Little Boys

I cradle his head in my forearm, his droopy eyes and fat cheeks soft.  I lay my cheek against his and smell his quick honey breath.  It’s a small space between love and hurt because sometimes I want to squeeze him so tight the air squishes out and I’m left with a rag doll and I think how can I love this boy until the end of time?  I rock and rock like a ticking clock even though he’s asleep by now because I don’t want to break the spell.  I praise God for this magic who is a blessing.

At midnight I hear his cries, the pacifer, I dropped it, momma, and I run into shush him back.  And when he crawls into my king-sized dreams I welcome him in, even though he kicks and pats my face and says in a whisper are you awake?  Are you awake, momma?  He flips and tucks and pats me to sleep because that is the world of one who is two.

But I’m awake and angry at this boy for always yelling and kicking and screaming I want dat and never listening to my incessant pleas.  I want to make it stop as I run him back to the time-out chair.  Teeth are for chewing, not for sister’s arm, I say as I pull him back to a place of reverence.  He pouts and swings his legs and says he’s sorry.  He wraps his arms around my parched throat and says I wuv you mommy and I am suddenly filled, love pouring and drenching and filling what was never really empty to begin with.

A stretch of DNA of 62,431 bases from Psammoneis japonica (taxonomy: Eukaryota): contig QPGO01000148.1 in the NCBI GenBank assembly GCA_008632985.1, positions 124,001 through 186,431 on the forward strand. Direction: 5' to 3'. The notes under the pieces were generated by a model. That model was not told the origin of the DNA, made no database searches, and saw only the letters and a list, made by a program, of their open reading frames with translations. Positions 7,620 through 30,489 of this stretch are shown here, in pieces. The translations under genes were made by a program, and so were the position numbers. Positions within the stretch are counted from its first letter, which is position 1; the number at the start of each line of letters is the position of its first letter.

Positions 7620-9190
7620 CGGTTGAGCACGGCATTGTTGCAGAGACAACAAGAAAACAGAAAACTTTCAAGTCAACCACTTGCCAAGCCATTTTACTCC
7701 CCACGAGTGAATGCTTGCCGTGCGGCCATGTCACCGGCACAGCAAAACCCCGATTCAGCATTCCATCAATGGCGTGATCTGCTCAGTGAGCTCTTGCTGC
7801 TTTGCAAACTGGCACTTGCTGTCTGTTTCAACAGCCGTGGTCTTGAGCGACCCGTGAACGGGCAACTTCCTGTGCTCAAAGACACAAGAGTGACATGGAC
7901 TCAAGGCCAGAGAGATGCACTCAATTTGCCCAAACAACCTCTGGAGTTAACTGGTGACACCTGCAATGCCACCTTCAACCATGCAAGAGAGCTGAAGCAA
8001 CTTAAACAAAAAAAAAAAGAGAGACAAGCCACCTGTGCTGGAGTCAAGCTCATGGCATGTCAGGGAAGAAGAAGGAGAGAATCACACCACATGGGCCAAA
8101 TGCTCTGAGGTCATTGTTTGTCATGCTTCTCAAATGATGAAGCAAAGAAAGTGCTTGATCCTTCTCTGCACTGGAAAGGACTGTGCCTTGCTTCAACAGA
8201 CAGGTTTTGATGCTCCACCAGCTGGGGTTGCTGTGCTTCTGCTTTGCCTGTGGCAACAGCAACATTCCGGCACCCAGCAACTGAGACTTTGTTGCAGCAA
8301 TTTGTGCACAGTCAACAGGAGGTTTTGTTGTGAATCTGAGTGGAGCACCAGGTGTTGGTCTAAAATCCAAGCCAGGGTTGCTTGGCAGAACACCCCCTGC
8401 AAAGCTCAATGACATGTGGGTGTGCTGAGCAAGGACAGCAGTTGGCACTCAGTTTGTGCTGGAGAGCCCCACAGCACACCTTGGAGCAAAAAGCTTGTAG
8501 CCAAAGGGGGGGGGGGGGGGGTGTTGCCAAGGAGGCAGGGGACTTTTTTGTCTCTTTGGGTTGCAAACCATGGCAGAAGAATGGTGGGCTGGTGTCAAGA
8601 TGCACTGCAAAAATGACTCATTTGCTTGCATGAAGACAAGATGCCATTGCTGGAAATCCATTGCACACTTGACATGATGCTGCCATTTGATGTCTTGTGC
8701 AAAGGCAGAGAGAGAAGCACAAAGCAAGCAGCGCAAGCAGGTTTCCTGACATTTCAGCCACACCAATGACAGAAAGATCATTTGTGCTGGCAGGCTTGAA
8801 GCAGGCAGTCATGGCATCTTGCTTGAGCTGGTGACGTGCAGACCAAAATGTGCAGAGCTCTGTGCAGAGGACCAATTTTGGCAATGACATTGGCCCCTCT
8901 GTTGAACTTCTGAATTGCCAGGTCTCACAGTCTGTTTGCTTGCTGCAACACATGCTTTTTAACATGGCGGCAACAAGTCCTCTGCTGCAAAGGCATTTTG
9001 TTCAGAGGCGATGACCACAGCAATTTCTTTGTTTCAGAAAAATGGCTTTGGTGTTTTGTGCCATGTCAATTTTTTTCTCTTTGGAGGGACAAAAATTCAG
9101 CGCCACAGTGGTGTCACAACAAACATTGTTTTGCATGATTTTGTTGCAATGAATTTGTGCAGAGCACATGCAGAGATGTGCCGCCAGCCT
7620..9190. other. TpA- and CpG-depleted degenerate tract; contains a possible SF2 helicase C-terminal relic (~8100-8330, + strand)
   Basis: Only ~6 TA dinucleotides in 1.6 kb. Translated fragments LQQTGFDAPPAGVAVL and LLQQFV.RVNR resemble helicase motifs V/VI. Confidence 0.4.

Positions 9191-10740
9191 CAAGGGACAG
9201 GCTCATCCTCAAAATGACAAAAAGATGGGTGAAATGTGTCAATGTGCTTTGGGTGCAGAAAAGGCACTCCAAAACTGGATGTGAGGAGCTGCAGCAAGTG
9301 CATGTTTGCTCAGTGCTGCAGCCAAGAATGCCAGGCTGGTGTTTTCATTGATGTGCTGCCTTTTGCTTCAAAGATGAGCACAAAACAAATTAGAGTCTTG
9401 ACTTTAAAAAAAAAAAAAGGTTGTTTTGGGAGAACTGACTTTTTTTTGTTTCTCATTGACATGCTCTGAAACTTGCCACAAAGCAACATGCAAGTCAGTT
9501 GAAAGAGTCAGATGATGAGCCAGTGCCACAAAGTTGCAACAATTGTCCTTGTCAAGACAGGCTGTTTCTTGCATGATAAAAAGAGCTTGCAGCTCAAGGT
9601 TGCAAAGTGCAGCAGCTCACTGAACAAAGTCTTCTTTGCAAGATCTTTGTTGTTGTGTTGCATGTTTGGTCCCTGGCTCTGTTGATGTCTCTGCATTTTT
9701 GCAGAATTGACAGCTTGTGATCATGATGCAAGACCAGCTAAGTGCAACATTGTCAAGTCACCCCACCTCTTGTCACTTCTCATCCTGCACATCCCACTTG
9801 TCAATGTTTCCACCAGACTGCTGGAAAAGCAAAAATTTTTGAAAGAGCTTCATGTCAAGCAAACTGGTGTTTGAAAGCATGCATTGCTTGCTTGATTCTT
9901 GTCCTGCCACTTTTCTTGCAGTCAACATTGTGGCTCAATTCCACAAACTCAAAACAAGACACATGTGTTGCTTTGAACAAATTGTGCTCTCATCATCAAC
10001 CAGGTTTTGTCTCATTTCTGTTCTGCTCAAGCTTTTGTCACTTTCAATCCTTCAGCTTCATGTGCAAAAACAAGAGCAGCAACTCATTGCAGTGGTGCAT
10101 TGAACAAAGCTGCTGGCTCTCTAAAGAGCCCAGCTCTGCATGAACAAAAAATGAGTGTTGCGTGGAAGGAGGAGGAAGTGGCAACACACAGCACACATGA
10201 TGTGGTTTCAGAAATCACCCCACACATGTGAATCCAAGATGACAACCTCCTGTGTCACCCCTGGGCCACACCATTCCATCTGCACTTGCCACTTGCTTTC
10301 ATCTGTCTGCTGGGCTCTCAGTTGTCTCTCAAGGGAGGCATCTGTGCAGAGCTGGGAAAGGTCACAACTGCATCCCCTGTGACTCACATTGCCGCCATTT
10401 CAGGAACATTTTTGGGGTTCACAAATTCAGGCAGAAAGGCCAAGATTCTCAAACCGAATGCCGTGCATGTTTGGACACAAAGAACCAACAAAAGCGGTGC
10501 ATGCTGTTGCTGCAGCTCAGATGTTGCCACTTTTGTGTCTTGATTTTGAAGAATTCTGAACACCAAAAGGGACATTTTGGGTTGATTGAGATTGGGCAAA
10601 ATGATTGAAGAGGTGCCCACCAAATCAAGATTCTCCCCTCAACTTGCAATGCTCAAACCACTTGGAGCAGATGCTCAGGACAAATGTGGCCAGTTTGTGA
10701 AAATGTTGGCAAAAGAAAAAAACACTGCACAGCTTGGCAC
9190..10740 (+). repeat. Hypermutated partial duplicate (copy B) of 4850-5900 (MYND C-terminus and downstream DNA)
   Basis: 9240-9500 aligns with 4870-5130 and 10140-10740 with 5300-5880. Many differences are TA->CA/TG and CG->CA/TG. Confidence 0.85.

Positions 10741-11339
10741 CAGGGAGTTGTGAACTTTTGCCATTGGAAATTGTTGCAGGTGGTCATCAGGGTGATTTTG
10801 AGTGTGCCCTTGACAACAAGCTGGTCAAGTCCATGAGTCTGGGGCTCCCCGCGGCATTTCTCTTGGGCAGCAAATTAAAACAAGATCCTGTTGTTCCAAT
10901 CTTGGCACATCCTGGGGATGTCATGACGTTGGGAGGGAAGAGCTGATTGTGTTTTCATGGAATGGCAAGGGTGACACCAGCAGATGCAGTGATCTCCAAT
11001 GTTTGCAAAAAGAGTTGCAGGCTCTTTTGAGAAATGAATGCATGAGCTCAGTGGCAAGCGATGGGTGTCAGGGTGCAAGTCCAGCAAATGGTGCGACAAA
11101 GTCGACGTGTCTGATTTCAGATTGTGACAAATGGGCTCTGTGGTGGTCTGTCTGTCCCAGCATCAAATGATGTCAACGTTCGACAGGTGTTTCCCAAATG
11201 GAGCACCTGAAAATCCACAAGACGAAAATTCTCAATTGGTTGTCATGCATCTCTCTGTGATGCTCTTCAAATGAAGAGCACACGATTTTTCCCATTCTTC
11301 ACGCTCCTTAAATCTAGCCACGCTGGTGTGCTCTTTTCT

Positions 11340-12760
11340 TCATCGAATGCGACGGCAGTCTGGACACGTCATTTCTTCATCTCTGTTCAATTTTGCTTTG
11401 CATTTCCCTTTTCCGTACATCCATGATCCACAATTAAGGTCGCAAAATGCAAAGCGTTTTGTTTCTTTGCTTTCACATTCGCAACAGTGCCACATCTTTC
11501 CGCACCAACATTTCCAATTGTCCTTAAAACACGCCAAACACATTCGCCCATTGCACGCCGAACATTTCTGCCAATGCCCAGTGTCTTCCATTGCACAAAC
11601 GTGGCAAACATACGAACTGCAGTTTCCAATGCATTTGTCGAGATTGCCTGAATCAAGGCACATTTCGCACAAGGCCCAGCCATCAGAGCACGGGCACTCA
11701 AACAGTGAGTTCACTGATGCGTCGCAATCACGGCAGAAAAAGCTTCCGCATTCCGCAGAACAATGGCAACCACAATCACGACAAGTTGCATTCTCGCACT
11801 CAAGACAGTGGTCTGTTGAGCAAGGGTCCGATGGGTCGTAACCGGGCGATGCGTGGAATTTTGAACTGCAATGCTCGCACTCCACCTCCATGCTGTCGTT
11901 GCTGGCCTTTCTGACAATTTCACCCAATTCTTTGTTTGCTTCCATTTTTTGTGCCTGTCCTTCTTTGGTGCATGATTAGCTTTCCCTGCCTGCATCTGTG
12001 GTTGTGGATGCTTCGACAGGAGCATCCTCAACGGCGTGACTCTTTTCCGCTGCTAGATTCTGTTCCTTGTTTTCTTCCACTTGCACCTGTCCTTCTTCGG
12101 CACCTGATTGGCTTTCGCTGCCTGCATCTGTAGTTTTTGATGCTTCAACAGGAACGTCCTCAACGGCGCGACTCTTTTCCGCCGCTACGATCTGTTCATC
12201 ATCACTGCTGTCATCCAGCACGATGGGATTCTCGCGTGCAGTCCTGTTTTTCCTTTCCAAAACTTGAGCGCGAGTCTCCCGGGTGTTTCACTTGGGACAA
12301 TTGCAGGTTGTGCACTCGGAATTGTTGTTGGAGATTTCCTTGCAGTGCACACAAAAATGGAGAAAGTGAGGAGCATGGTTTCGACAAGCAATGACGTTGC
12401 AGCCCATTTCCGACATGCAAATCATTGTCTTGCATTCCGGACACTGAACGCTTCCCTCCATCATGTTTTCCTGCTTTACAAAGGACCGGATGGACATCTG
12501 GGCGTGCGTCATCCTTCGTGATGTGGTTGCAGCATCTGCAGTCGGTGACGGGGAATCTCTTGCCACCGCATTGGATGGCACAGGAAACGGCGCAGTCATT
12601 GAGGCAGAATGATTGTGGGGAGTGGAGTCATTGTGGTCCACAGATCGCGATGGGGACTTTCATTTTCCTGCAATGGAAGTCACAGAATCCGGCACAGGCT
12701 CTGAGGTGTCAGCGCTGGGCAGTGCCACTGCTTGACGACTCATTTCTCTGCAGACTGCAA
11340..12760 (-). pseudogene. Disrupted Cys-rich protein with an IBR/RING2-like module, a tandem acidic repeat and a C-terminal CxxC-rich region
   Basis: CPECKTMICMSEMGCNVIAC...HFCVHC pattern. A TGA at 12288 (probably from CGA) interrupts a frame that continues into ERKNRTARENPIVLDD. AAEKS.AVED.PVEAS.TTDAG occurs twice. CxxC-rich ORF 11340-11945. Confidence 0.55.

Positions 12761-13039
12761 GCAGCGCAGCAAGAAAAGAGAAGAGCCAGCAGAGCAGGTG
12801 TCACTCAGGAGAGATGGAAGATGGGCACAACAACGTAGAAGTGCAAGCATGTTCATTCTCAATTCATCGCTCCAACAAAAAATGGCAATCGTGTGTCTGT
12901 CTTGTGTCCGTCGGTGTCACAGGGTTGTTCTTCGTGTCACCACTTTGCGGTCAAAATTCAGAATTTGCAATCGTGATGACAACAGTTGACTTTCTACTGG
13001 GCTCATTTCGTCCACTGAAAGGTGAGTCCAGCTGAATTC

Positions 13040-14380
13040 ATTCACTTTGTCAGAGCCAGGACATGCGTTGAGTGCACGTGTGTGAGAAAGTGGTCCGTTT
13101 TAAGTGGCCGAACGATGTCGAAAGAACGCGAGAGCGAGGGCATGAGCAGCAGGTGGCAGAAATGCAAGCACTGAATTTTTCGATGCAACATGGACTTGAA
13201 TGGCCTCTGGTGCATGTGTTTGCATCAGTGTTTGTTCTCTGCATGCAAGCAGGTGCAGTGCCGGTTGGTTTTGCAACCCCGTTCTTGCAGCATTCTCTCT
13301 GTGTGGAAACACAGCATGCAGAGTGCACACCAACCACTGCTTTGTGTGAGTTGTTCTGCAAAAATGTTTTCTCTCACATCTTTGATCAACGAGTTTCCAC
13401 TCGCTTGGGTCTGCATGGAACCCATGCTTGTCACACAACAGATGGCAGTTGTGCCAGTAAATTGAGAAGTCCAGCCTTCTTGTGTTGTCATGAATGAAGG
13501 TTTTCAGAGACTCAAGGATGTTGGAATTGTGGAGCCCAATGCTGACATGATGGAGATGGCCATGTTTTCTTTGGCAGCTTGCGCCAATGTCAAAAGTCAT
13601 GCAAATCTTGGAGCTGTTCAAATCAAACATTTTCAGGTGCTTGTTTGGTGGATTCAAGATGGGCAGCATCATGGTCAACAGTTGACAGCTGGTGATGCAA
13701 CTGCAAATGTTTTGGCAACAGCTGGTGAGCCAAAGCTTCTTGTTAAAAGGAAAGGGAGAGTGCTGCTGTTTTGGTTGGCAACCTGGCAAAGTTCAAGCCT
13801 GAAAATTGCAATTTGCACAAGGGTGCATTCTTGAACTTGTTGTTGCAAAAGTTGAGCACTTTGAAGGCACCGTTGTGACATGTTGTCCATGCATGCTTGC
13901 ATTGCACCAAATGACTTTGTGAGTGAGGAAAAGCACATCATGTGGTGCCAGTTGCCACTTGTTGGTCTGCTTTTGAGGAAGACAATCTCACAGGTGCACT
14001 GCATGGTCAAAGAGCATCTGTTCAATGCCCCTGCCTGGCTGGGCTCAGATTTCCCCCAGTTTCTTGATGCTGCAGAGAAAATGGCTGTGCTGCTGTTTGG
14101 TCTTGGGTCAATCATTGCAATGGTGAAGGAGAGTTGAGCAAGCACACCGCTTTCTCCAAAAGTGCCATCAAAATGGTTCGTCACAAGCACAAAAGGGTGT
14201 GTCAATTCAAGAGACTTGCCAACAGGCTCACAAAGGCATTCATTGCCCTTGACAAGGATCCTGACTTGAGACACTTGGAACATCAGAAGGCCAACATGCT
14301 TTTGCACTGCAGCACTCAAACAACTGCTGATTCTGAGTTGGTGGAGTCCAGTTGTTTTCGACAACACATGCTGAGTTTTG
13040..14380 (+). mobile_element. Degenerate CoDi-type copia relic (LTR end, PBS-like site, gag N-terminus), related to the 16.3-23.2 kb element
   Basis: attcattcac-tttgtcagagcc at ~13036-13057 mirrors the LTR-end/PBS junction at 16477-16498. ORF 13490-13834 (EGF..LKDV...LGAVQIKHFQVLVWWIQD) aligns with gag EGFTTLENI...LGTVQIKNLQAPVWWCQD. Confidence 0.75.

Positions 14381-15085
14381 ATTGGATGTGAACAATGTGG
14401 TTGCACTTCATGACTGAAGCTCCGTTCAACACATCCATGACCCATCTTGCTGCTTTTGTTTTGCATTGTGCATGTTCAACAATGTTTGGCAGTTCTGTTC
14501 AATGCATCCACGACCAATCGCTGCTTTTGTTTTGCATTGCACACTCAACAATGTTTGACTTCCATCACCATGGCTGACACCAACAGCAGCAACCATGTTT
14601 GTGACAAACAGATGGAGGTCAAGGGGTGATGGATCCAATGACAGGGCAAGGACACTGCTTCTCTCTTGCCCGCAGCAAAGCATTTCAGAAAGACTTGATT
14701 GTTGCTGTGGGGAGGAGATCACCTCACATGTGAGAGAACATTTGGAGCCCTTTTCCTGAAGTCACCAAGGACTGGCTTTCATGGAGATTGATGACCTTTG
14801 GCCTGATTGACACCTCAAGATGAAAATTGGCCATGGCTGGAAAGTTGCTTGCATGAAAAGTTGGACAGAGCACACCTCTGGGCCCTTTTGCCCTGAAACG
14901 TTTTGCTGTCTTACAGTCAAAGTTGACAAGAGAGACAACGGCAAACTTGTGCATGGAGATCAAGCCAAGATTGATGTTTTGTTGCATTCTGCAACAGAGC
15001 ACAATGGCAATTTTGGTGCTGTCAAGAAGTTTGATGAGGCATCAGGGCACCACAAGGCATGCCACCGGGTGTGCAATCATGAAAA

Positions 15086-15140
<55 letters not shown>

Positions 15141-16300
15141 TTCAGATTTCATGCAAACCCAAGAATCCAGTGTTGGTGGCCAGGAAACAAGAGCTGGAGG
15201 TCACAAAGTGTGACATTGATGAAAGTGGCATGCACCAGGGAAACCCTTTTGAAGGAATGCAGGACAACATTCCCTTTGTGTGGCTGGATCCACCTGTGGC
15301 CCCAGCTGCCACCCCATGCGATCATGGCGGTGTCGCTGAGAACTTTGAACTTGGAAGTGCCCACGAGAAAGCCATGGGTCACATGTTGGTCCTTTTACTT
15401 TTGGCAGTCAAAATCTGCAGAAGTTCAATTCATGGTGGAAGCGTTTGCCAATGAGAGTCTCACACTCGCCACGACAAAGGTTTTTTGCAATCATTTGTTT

Having a little girl is sweet and pink and bubbly but having a son is a different animal and it’s an Achilles heel.  I want to stay hunkered down in his devotion and I place my hand over his little child kisses like I can preserve them there, fossils of when mommy was everything and nothing else mattered. I want them tattooed on my cheek so I can see them there and weep.

This love cripples me so. Someday he will leave – they both will – and it reminds me again that there’s a small space between love and hurt and sometimes they happen at the same time and that’s okay.  So I rock and shush and sing and pray.  Lord help me see the beauty of spilled juice and toilet paper heaps and rocking babies.  It’s so precious and warm and soft.

Hurt or no hurt, it’s more love after all.